Council has had a lot of input into local economic development through the construction of factory shells and market stalls to empower women who are mainly the beneficiaries of the programme. Up to date, several women have started working in this light industry doing tailoring, and the council has 445 female owned market stalls and 172 male owned market stalls. Although the council does not have a stand-alone local economic development policy, the council’s strategic plan supports it. They also have a local finance scheme in the form of a revolving fund for SMEs, and the informal sector. 99 people have benefitted from this.

“There is more dealing with the community and allowing the community to come in and express their concerns and needs. We involve the public on what they want to see the council budget reflecting. There is a lot of consultation before the budget is finalized. They can come and ask us how we are handling the water and why there are shortages, or ask why the water does not look clean. The community is allowed to participate in the planning and activities of council, for example on the project to increase water reticulation, we empowered residents with knowledge on how it works, showed them the different areas of water works and why there was need for resources to carry this forward. Therefore, they could appreciate council’s plans.”
We communicate well with our community; we are always in touch with them and our facilities are open to them. Over time; the council has been facing several challenges. One challenge has been in providing adequate water for the community. Council has, however, come up with a schedule to allow water reservoirs to fill. Due to the increased population, there has been increased pressure on the systems in place. Therefore, water is cut off overnight and early in the morning, water is made available.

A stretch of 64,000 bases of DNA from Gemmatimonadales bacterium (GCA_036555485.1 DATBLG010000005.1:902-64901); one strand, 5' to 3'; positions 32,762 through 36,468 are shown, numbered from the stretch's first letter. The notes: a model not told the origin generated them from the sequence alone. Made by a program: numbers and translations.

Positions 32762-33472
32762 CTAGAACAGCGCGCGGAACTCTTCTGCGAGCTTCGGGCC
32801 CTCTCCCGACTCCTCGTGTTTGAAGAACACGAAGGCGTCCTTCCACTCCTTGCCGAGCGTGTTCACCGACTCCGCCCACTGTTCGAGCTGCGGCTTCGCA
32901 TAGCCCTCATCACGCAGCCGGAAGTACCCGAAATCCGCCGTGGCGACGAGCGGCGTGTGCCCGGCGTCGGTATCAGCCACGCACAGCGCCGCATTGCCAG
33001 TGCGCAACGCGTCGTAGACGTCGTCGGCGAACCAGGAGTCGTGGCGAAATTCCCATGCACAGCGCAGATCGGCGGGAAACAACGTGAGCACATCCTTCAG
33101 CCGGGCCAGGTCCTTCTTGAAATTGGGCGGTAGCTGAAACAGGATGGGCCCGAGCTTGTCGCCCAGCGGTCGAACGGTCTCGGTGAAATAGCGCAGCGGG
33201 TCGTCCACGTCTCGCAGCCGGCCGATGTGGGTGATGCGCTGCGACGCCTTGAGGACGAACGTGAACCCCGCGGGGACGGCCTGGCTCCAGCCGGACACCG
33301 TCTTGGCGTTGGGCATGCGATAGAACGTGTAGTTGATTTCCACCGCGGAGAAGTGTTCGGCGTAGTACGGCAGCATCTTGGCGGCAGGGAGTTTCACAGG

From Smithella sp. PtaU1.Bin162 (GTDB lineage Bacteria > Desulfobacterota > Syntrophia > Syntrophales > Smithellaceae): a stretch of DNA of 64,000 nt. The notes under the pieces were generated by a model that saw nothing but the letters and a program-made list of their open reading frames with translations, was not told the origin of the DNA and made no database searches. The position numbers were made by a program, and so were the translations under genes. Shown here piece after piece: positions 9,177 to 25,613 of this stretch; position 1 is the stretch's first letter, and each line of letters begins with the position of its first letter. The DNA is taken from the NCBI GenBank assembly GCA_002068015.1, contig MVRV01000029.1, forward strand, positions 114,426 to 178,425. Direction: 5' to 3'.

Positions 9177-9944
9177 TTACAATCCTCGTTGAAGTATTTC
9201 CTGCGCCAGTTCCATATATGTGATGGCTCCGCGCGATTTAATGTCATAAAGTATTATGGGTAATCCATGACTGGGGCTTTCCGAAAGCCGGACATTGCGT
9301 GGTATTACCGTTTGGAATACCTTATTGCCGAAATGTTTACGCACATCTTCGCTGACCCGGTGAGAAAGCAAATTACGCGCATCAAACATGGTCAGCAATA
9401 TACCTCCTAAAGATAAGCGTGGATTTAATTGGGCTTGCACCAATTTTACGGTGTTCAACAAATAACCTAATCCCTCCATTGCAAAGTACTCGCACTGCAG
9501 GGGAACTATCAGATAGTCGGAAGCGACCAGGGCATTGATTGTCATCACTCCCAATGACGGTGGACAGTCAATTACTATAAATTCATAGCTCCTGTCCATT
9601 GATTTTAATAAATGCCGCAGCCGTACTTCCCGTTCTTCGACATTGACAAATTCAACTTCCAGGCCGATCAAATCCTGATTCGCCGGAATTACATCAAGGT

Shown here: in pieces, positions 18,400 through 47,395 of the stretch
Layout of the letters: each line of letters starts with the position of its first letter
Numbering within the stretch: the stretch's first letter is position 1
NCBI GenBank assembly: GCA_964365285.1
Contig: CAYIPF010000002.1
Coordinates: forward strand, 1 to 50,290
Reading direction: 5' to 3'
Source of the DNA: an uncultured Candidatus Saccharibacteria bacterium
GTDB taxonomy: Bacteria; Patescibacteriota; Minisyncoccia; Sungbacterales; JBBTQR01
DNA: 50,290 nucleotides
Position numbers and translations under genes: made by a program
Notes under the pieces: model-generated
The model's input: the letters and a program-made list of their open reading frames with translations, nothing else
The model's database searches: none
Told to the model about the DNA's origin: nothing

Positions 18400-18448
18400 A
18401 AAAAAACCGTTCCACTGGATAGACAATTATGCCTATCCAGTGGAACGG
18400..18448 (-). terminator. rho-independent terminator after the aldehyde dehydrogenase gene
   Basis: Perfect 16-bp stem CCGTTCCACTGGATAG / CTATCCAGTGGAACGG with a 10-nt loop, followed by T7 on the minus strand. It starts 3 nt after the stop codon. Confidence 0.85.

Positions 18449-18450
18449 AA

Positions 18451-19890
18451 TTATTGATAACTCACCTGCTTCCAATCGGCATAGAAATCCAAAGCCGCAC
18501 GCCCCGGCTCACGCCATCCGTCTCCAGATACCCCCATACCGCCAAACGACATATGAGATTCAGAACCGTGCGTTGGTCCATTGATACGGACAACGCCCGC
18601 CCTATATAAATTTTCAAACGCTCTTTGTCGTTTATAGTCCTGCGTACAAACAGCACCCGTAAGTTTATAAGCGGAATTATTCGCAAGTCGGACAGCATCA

Council has also been effective in taking care of the vulnerable and less advantaged in society. “The Masvingo City Council is one of our biggest supporters and a critical stakeholder,” says Michael Machuku, superintendent at the Alpha Cottages Children’s Home. It offers voluntary services like water supply, electrical installation and repair as well as plumbing. It ensures that the children`s home continues to run smoothly,” he adds. These free services have been crucial because of the poor funding experienced by Alpha Cottages. The running costs would have brought the home to a grinding halt had the council not been supportive.

The council availed 5 hectares of land for the home at no cost. This land is under good, productive use. A vegetable garden which supplies the children`s home and the community has been established. The home has also just started a rabbit-rearing project. In the same light, the council has appointed a special needs councilor who represents the physically disadvantaged in the community. They have a voice and an ear through this councilor who can bring forward their concerns.
“Having a budget would help council in mainstreaming gender as they only have the mainstream budget from where they draw money to facilitate the gender activities. This council has improved from the time they started rolling out the COE process. “Having a stirring committee or a working group to help action the actual plan could possibly help the council,” says Breda.